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Fighting Back Against Ransomware (We’ve Had Enough)

We're happy to announce that the July 2021 issue is CISO MAG's fourth-anniversary issue, which includes interviews with a diverse and rich mix of topics and conversations. We also have stories that highlight the universal fight against ransomware attacks.

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The Colonial Pipeline attack on May 7 was a watershed moment in the universal fight against ransomware attacks. It was the first incident in which the ransom paid to attackers was recovered. The attack on Colonial impacted the fuel supply chain, leading to a temporary fuel shortage along the Northeast coast of the U.S. The pressure was building for Colonial Pipeline and their CEO, Joseph Blount, had to make a difficult decision – paying up. In an interview with the Wall Street Journal, Blount acknowledged he authorized the ransom payment of 75 Bitcoin, which is approximately $4.4 million. A few weeks later, the Department of Justice and the FBI announced that they recovered most of the ransomware amount.

In his blog post dated June 16, Brian Krebs, Editor of KrebsOnSecurity, reported that the Ukraine Cyber Police arrested six people from the CLOP ransomware group. The gang reportedly extorted more than half a billion dollars from victims.

Ransomware attacks are now an everyday occurrence. A report from Cybersecurity Ventures estimated a ransomware attack on businesses every 11 seconds in 2021.

While there are numerous debates about whether impacted companies should be paying the ransom, we could soon have legislation for this. Last year, the Department of the Treasury’s Office of Foreign Assets Control (OFAC) published an advisory informing the public that the payment of ransom demanded by cybercriminals may be a violation of U.S. law.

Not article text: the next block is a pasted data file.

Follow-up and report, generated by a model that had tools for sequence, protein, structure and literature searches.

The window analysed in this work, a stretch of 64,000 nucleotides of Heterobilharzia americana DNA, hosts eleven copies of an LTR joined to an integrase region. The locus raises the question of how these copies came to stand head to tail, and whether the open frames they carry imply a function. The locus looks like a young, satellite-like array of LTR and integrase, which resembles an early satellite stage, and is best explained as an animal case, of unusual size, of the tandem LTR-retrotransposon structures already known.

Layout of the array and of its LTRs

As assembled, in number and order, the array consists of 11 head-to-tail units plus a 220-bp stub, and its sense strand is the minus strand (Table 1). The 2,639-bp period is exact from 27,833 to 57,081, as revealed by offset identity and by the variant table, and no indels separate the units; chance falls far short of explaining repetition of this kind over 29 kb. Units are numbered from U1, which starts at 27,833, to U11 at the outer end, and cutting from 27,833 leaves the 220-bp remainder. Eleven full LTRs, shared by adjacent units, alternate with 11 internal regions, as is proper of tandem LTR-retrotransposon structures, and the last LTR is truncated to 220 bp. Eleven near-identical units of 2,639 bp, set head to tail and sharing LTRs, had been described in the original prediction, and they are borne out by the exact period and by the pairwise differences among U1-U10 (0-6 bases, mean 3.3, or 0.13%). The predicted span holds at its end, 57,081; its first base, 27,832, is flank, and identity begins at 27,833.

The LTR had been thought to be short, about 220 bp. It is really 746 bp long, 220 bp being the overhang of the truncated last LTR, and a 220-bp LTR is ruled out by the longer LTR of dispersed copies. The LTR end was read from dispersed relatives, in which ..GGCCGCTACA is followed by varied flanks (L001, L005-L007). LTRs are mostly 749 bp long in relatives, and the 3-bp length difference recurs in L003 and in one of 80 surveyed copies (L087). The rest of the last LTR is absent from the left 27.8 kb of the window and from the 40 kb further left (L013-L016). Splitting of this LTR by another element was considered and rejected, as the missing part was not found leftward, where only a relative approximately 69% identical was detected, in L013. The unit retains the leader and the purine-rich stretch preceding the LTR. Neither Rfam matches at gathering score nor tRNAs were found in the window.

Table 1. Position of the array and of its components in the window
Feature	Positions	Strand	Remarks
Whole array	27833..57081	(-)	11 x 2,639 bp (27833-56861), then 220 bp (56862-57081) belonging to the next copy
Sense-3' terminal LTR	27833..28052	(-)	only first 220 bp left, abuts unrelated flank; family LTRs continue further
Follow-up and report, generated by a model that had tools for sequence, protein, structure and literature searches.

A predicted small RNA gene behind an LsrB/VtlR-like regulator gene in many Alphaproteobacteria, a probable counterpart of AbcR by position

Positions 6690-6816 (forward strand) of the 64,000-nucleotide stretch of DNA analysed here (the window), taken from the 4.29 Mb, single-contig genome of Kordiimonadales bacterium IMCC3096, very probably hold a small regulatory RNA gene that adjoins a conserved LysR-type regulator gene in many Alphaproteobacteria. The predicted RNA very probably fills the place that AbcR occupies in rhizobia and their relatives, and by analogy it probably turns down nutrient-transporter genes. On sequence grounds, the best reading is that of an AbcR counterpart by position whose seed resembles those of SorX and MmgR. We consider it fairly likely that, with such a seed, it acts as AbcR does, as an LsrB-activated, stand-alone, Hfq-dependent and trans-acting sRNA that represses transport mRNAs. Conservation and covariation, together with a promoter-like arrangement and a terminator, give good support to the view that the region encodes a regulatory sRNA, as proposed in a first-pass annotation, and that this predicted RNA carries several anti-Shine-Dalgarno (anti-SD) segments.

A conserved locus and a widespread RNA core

For sure, there will be more ransomware attacks in the coming months. The adversaries see this as a lucrative opportunity, more so now, when the pandemic has office workers at home, with weak security on their home networks. Ransomware gangs are getting more organized with affiliate programs. They now offer Ransomware-as-a-Service — case in point, the DarkSide ransomware group that brought Colonial Pipeline to its knees. Read more about this in an article in the Insight section: “The Vulnerabilities that Open the Door to Ransomware.” 

We’re happy to announce that the July 2021 issue is CISO MAG’s fourth-anniversary issue, which includes interviews with a diverse and rich mix of topics and conversations that include 5G security, encryption and cryptography, incident response, vulnerability disclosure, API security, IoT device security, backup strategies, insider threats, and the latest cyberthreats.

We hope you enjoy reading all the interviews and stories in this issue.

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